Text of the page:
The Federal Reserve Board is proposing to add limits to financial holding companies’ physical commodity activities and impose related additional capital requirements. The proposal follows a joint report on financial company activities published by the Fed, Office of the Comptroller of the Currency, and Federal Deposit Insurance Corporation two weeks earlier. The OCC made a related proposal on the same day the joint report was released (see Banking and Finance Law Daily, Sept. 9, 2016).
One of the Fed’s recommendations in its portion of the joint report was repeal of the authority for some FHCs to engage in commodities activities under Bank Holding Company Act Section 4(o) (12 U.S.C. §1843(o)), which would be accomplished by the new proposal. The Fed also recommended the elimination of FHCs’ merchant banking authority (see Banking and Finance Law Daily, Sept. 9, 2016).
According to the Fed, its proposal would:
- require FHCs to hold extra capital against commodities activities for which liability would result if the commodity were released into the environment;
- tighten the quantitative limit on the physical commodity trading activity FHCs may conduct;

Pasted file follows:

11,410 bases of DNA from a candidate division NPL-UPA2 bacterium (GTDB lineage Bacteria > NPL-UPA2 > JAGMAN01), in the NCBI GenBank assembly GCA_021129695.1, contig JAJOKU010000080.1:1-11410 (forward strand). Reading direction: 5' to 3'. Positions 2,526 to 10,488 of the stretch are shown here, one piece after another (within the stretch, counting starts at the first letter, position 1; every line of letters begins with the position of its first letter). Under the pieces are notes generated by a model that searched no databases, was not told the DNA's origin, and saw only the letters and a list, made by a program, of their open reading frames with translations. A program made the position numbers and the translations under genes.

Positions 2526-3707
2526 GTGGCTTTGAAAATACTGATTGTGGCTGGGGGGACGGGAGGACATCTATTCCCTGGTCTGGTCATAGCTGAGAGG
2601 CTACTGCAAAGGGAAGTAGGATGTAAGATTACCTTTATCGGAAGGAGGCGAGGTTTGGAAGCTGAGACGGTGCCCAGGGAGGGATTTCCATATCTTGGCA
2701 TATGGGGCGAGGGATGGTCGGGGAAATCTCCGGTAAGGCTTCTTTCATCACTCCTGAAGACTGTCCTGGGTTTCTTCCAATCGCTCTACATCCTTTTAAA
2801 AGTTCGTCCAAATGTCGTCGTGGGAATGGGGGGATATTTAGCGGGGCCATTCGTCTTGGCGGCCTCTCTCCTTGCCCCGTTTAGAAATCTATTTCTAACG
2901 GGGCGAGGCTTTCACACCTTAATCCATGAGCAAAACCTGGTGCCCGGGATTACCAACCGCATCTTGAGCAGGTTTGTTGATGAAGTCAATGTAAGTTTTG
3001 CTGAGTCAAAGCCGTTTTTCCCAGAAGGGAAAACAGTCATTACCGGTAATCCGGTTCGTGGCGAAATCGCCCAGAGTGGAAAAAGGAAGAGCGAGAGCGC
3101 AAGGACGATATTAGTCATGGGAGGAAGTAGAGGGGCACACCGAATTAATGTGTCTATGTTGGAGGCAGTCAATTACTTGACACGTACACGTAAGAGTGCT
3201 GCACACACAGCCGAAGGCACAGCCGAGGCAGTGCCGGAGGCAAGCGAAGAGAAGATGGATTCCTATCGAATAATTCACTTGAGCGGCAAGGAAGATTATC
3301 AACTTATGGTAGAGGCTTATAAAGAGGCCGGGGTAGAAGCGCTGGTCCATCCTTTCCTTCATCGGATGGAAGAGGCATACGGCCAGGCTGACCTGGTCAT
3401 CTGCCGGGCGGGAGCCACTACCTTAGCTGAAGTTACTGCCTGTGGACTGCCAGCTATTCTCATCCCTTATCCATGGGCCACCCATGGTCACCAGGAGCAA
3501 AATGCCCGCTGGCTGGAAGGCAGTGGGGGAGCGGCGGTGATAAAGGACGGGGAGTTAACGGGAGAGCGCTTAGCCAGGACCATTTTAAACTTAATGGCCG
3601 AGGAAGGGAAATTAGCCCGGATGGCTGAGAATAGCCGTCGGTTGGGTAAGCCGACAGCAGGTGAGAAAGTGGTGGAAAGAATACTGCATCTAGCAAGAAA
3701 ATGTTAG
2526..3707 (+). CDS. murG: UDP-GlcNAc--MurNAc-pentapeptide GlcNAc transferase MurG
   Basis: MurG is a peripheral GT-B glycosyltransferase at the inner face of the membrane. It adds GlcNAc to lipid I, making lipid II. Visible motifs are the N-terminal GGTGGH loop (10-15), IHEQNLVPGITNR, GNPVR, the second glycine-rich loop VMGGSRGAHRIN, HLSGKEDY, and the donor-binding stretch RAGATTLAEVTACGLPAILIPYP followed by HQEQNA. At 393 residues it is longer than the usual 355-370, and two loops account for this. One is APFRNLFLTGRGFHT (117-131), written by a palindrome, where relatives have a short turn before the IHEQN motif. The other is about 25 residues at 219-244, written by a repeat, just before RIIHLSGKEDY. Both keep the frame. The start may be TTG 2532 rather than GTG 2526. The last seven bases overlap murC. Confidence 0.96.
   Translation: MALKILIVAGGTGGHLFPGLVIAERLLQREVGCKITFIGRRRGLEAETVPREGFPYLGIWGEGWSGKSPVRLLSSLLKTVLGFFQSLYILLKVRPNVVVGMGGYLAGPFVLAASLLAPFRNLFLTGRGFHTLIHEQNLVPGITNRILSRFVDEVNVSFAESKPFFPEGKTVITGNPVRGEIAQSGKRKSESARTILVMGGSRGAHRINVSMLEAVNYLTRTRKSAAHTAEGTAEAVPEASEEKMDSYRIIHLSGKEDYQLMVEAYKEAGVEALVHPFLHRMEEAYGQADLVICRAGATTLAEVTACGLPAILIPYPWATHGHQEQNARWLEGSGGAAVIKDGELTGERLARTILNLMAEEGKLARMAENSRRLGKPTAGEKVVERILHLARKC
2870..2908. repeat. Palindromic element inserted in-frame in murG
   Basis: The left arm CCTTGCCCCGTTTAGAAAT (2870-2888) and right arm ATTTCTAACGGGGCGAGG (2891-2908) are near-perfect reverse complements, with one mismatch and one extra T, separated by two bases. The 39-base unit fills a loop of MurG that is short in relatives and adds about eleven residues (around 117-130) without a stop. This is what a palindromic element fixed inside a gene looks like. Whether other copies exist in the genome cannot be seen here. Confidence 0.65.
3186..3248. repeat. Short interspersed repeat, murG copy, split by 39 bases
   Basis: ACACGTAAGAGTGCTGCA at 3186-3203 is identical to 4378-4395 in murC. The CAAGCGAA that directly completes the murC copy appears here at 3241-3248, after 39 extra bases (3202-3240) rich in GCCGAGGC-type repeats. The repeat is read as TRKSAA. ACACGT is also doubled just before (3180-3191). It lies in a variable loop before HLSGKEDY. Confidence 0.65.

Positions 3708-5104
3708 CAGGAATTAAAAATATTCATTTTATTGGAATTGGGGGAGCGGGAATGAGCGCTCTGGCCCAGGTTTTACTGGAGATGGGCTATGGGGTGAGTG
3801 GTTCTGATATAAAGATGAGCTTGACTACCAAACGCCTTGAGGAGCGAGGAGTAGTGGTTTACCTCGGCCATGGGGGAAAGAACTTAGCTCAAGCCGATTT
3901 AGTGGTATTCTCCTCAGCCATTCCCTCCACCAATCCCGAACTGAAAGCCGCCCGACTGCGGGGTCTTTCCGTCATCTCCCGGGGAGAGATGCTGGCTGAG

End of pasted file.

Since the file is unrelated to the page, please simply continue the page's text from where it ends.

- rescind specific FHCs’ authority to engage in physical commodity activities involving power plants;
- remove copper from the list of precious metals that bank holding companies are permitted to own and store; and
- establish reporting requirements on the nature and extent of FHC physical commodity activities.
A memo released by the Fed summarizes some of the specifics of the proposal. For example, a 1,250-percent risk weight would be imposed on commodities activities that could result in environmental liability. The same risk weight would apply to merchant banking investments in companies that engage in physical commodity activities other than complementary physical commodity trading activities; if the activities were permissible complementary physical commodity trading activities, there would be a 300-percent risk weight.
Also, comparable to the OCC’s proposal, copper would be removed from the list of metals that BHCs can own and store.
MainStory: TopStory BankHolding BankingOperations FinancialStability PrudentialRegulation
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